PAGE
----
I am on a ballet tour, but I am not a dancer.
My primary career is writer, and my other job is ballet master class tour producer. It is not a “day job” it is a five months of the year job. Twice a year– two months in winter and three in summer– I bring over a Russian ballet dancer and we travel the country. He teaches classical ballet classes. I do the bookings, the driving. I play the music. Five months of driving across 47 U.S. states. Five months of plotting tour routes, checking in and out of hotels, keeping track of class times. The dancer is the star of the show. In Hollywood, I bought a t-shirt that has “crew” written on the front as an inside joke about my apparent role in things. I’ve been called Mr. Lantratov’s helper a number of times. His assistant more often than I can count. One student said “it sounds like you’re his slave.” In reality I am the manager.
For a writer, it is a fragmented life. Ideas that come behind the wheel get written on hotel scratch pads and stowed away until I get home and have time to make them into novels, research, or book proposals. (Although I do some writing on the road as well when the situation warrants it. Parts of Oscar’s Ghost were written in a hotel in Dallas, most of the revisions of The Pocket Encyclopedia of Aggravation were written in Cincinnati.)
Years ago, in a draft for an abandoned novel about a performance tour, I wrote:
Ballet, especially every day road ballet, is an endurance sport. The principal dancers glide effortlessly on stage, but once they’ve crossed the threshold of the curtain into the wings, they put their hands on their knees and bend forward, their chests and stomachs pumping in and out with every labored breath. They are sweaty, of course, and a little dazed from the rush of adrenalin and hormones. And after a few moments, they capture their breath, and leap on the stage again, looking, for all the world, like they are suspended by wires and need no energy at all to perform the feat.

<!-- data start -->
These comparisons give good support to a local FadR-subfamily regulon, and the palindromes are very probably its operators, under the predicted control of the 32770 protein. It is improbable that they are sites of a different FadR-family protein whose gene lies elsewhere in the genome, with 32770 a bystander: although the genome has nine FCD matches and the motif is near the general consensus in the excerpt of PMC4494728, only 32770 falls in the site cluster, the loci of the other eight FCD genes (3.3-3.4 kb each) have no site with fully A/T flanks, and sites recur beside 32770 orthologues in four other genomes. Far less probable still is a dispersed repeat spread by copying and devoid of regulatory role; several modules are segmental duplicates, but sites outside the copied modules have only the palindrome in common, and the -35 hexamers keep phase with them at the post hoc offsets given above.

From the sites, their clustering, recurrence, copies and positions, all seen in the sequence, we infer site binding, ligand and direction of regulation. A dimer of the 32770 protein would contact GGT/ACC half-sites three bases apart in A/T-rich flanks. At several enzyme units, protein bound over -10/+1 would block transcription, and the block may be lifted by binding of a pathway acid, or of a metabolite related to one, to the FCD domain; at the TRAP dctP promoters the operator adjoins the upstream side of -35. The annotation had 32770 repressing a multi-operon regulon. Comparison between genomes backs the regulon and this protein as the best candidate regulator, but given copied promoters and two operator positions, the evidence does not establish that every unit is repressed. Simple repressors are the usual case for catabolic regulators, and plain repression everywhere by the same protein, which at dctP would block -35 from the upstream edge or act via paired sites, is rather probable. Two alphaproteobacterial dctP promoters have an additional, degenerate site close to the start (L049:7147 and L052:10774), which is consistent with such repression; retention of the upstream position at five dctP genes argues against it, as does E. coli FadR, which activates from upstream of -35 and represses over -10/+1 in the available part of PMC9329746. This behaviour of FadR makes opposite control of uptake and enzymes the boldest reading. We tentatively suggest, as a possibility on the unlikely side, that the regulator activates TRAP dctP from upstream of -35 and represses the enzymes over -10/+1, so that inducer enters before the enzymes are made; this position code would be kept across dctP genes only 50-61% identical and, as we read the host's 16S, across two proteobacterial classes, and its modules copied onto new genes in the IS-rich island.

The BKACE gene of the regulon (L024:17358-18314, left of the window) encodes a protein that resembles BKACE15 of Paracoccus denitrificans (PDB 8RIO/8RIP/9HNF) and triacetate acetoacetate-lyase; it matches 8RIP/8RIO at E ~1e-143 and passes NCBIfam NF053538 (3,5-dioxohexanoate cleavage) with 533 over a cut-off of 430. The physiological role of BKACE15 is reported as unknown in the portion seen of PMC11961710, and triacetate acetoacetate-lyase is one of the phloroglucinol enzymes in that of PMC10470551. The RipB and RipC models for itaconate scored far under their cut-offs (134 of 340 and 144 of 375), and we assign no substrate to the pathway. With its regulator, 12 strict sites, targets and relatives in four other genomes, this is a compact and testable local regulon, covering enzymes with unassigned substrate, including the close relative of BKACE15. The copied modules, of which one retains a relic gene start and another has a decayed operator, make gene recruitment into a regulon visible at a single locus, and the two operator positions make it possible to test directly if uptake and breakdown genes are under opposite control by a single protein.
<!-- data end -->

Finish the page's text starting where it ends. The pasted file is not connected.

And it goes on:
That’s performing. I don’t know if it applies to what I do: writing. Having a front row seat to my partner’s work as a ballet master teacher, I find that while they are both arts, writing and ballet do not have much in common. In many ways, they seem to be opposite arts: the verbal and the non-verbal, motion and stillness.
They are, however, both old forms of expression that seem a bit antiquated in a modern digital world. There is something pleasingly quixotic in trying to preserve and pass along these arts to a new generation.
Touring involves both constant novelty and the constant familiarity of hotel and road life. It informs the imagination and produces its own kind of creativity, but opportunities to sit for a while in solitude and just write are few and far between. I come to find that writing in a state of flow is a bit like a drug. You crave it when it is missing.
I started reading ballet dancer David Hallberg’s memoir A Body of Work. He is the only author listed on the cover, no “as told to.” So if he had no ghost writer (authors always wonder about such things) he has a writing talent. He writes about the memory of being in an artistic state of flow, and missing it when he is away from the stage.
I remember what it feels like to dance. To move so freely that my body releases ad creative intuition takes over, leading me beyond the worry of executing technique to a realm where nothing exists but the movement, the music, the emotions… Moments like this are worth it all. The doubt. The sacrifice. The injuries. The scrutiny. The burden of expectation. Those moments of living so intensely and fully on the stage are why I danced. Now, each day, I face one towering question: will I ever experience that euphoria again?
Flow is common to artists. It is why we persist in ridiculous careers. Yet as with most things ballet and writing, the process is inverted. For the dancer, the moment of flow is a culmination. For a writer, flow is that moment of inspiration. The writing that comes before the hard work, the revising, the attempts to get published. It all happens long before there is an audience.
The downside for the performer is that he needs the audience to have that moment. The writer can sit down and write no matter what, a lack of an audience is no barrier to achieving the state of flow. The downside for the writer is that this results in a constant lack of closure. By the time a book gets to its audience, it is disconnected from the writer, there is no great sense of culmination. The only soothing balm is to go back and write and start that process again.
Now I need to check out of this hotel and get on the road…